Navy Secretary Ray Mabus speaks before signing the agreement with Sempra. Photo by Chris Jennewein

Sempra Energy signed an agreement Thursday to provide a record amount of renewable, solar energy to 14 Navy and Marine Corps installations in California.

The bases will get a third their energy requirements from a 210-megawatt solar installation located 60 miles west of Phoenix. The Mesquite Solar 3 project, comprising more than 650,000 photovoltaic panels, will be complete by the end of 2016.

“We are going to build you a beautiful, efficient plant,” said Patti Wagner, president and CEO of Sempra U.S. Gas & power, noting that it’s the largest federal purchase of renewable energy ever.

Sempra’s Mesquite solar installation. Photo courtesy U.S. Department of Energy

Wagner and Navy Secretary Ray Mabus signed the agreement during a ceremony at Naval Base Coronado, with the carriers USS George Washington, USS Carl Vinson and USS Ronald Regan in the background.

“Behind me are three great examples of renewable energy,” said Mabus, noting that the Navy has been in the forefront of developing new energy sources, from sail power to coal to oil to nuclear energy and now solar.

“Every single time we switched energy course, there were naysayers,” he said. “Every single time those naysayers were wrong, and they are wrong this time.”

He said the U.S. military is the world’s largest user of fossil fuel, and therefore is focused on both saving money and ensuring secure supplies.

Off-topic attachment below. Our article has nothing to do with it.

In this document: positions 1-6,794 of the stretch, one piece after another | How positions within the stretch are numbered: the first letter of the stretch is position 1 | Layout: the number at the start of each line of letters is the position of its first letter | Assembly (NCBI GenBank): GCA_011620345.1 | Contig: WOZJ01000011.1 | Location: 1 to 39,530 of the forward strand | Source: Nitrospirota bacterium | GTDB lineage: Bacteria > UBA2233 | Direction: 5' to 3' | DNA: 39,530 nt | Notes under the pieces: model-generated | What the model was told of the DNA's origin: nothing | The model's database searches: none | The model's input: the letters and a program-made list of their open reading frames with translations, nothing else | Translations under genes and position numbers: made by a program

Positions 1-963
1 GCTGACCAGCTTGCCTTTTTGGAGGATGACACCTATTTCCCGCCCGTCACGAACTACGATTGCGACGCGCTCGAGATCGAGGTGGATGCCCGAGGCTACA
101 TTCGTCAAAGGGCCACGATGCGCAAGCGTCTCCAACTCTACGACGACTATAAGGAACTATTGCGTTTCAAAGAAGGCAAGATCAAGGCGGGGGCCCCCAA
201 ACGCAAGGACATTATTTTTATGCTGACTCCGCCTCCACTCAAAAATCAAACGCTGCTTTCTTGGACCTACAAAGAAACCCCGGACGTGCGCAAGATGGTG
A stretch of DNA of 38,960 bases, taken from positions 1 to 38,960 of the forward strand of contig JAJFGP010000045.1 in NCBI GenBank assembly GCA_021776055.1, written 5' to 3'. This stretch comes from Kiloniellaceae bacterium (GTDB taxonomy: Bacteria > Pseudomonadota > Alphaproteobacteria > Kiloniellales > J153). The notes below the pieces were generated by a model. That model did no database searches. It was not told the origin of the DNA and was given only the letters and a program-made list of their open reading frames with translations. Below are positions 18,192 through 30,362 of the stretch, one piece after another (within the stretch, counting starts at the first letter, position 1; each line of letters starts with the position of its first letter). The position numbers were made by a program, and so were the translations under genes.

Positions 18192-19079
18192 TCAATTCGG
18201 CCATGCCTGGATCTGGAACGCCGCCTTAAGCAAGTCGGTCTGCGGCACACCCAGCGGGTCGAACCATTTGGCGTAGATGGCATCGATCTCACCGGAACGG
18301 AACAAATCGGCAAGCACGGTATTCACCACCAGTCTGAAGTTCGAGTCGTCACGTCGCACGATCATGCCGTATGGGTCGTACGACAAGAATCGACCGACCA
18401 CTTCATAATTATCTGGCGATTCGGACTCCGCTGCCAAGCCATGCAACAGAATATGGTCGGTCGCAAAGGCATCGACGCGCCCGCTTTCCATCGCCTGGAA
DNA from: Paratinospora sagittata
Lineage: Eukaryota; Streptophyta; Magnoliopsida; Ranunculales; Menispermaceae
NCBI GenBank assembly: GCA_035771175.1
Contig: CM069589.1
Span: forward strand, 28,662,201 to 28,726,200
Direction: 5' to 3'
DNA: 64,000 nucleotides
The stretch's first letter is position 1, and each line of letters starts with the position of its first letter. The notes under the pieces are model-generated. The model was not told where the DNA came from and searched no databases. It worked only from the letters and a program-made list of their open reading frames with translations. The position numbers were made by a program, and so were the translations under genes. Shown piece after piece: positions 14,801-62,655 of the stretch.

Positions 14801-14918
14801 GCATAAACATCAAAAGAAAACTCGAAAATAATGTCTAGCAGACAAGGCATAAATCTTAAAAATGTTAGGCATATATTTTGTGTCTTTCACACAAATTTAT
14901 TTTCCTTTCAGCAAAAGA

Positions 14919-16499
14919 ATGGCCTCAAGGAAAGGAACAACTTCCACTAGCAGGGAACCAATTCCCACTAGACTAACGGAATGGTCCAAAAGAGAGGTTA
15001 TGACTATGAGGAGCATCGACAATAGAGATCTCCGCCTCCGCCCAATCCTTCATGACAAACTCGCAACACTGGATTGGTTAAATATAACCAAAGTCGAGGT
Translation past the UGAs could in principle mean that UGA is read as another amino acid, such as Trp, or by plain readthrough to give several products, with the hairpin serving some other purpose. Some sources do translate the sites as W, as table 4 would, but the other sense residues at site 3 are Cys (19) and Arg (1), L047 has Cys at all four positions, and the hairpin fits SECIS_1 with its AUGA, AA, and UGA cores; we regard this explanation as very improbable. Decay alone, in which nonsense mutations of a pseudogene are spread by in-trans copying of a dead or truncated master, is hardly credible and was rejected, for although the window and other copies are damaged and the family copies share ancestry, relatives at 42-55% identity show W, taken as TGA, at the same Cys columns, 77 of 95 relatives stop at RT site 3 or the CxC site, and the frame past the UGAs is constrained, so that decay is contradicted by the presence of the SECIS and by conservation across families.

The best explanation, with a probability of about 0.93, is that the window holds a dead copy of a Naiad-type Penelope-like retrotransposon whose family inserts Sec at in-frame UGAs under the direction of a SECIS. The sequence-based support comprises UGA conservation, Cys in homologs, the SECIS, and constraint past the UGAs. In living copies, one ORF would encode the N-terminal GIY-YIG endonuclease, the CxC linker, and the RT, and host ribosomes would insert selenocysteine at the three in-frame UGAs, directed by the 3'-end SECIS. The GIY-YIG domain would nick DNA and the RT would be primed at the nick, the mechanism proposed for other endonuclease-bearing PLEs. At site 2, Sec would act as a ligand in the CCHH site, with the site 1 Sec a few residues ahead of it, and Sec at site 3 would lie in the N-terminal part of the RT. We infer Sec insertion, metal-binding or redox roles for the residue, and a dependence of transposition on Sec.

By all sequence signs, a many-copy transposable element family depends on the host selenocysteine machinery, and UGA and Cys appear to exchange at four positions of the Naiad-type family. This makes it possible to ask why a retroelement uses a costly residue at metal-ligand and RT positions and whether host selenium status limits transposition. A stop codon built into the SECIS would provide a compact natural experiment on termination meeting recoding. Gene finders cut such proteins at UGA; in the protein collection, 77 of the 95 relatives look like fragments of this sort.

Mabus praised the efforts of Rep. Scott Peters in helping the Navy exploit renewable energy. Peters, who serves on the House Armed Services Committee, said no one would consider the Navy and Marines to be “tree huggers,” but developing renewable energy is important for America’s long-term security.

“By investing in alternate sources and diversifying their energy supply portfolio, the DOD can lead the way in advancing renewable energy technologies,” Peters said.

The 25-year purchase agreement with Sempra is expected to save the Navy up to $400 million compared to traditional energy sources.

In 2009 Congress mandated the Department of Defense to procure 25 percent of its energy requirements from renewable sources by 2025.

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Chris Jennewein

Chris Jennewein is Editor & Publisher of Times of San Diego.